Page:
This review focuses on the pathogenesis, clinical presentation and therapeutic possibilities of early childhood acne.
Introduction
Acne vulgaris occurs in 79-95% of adolescents and young adults (1). Often, however, it develops in infants and children before adolescence. Under certain circumstances, especially when the symptoms of premature puberty or virilization coexist, it must induce diagnostic work-up towards underlying endocrine disorders (2). Treatment of acne in neonates and infants should be adjusted to the severity of acne. Beside tetracyclines, which are absolutely contraindicated in this age group, medications used should be adapted to the type of acne lesions. Most anti-acne drugs are not registered in children under 12 years of age. According to pediatric acne treatment consensus they can be used in infants, but with extreme caution.
Neonatal and infantile acne are part of the spectrum of pediatric acne. Table 1 presents the current distinction between the five types of pediatric acne (3). This division is based on the child’s age at the development of the first acne lesions.
Tab. 1. Division of pediatric acne according to age at onset
Neonatal acneDuring first 6 weeks of life
Infantile acneBetween 6 weeks and 12 months
Mid-childhood acneBetween 1 and 6 years
Prepubertal acneBetween 7 and 12 years or until first menstruation in girls
Juvenile acne Between 12 and 19 years
Neonatal acne
Neonatal acne occurs in the first 6 weeks of life and affects about 20% of newborns (4). It usually manifests with small, closed comedones located on the forehead, nose and cheeks with frequently co-existing sebaceous gland hyperplasia (5).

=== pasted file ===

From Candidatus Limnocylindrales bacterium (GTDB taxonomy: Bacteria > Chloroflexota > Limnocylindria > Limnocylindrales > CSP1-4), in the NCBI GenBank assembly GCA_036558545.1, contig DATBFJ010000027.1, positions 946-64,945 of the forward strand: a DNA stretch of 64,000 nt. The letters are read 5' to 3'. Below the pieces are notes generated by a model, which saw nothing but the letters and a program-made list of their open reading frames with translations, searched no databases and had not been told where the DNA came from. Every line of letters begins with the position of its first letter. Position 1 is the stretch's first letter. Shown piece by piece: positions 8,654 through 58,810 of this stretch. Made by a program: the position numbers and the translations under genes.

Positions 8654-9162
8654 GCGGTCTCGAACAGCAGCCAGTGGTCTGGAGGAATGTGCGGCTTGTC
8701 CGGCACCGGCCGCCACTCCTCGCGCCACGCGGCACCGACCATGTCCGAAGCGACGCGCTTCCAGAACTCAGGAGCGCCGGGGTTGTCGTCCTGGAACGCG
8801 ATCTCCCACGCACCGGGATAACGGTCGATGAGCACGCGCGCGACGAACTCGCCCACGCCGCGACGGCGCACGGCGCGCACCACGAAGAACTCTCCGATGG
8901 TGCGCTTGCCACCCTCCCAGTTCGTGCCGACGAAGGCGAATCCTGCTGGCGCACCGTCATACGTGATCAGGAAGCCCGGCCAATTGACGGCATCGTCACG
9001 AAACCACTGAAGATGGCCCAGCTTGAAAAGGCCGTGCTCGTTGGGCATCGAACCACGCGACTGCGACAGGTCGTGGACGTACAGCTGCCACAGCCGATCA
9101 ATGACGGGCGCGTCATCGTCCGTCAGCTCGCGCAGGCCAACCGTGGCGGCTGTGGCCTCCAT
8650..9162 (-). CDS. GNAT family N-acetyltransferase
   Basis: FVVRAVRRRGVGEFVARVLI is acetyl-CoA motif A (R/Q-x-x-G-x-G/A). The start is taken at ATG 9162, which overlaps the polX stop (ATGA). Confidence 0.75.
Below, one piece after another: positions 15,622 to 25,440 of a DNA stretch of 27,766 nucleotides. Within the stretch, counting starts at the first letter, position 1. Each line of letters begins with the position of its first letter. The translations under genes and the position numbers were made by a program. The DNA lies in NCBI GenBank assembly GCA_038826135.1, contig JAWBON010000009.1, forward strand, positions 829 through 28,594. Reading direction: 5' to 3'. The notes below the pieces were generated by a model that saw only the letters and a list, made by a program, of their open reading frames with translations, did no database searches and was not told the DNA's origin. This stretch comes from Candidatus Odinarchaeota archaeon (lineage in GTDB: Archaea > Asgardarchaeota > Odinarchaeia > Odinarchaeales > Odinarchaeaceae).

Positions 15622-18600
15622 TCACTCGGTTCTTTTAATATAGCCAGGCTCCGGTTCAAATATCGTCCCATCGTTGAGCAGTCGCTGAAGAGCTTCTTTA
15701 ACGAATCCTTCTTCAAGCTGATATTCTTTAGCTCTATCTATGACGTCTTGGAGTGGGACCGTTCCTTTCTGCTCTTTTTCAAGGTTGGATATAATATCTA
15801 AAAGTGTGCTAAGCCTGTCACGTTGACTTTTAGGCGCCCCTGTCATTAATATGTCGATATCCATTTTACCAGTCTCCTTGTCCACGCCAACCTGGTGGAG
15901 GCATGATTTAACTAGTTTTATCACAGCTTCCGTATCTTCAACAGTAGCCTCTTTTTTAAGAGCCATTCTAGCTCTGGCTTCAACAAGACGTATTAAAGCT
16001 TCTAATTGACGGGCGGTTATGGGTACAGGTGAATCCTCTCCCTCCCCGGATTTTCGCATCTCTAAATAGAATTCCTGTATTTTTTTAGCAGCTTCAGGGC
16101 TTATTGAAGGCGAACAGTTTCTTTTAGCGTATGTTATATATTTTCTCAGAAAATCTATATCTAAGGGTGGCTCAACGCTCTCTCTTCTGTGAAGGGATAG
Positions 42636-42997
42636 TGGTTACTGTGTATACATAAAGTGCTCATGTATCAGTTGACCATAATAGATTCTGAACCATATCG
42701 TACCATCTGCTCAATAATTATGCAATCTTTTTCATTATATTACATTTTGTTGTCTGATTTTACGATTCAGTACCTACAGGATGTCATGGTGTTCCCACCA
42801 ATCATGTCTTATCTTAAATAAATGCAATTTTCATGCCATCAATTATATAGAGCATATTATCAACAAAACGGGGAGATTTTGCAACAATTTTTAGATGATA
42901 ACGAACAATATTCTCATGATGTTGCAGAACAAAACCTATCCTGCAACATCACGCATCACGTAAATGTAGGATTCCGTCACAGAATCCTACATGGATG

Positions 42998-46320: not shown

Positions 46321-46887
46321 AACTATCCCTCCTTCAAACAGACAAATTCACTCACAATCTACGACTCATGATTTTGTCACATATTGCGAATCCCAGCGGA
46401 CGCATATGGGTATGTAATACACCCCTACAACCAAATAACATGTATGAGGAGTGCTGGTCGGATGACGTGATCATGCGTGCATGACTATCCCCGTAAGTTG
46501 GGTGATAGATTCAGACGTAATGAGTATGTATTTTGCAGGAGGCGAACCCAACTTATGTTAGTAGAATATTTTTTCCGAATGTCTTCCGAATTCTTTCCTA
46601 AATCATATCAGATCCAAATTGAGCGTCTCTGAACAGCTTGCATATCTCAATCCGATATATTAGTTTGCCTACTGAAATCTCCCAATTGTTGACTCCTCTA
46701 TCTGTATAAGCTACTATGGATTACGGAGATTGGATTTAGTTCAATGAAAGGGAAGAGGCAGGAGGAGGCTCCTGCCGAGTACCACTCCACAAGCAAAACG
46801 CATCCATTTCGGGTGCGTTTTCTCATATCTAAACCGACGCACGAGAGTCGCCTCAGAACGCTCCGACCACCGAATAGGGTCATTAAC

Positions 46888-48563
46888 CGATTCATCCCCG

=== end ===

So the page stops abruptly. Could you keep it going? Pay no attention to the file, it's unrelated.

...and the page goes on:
The pathomechanism of acne formation in this age group has not been fully explained. It is believed that it is caused by the increased production of sebum in enlarged sebaceous glands under the influence of maternal androgens delivered through placenta and beta-hydroxysteroids produced in excess by the newborn’s adrenal cortex (dehydroepiandrosterone – DHEA, dehydroepiandrosterone sulfate – DHEA-S). Additionally, some of the affected male newborns may have elevated levels of testicular androgens, produced under the influence of luteinizing hormone (LH), levels of which in these children may reach puberty values (7). LH stimulates the synthesis of testosterone which leads to increased seborrhoea. This phenomenon may explain increased incidence of neonatal acne in boys (7, 8). Neonatal acne subsides spontaneously within 1 to 3 months and does not require pharmacological treatment (9).
Differential diagnosis should include viral, bacterial and fungal infections, neonatal milia, sebaceous gland hyperplasia, neonatal pustular melanosis and neonatal toxic erythema (10). Particularly frequently observed is the occurrence of neonatal cephalic pustulosis. In this case, skin lesions are acne-like without the presence of comedones. It is most likely caused by Malassezia yeasts colonizing the skin (11). In most cases, treatment is not required (12). In patients with severe changes, 2% ketoconazole creams (13) can be used.
Infantile acne
Infantile acne occurs primarily between 6 weeks and 12 months of age and similarly to neonatal acne male predominance is observed. Skin changes such as comedones and inflammatory lesions (papules, pustules, cysts) are located mainly on the cheeks. However, the lesions may have more severe character and may be more numerous in comparison with acne in newborns (14).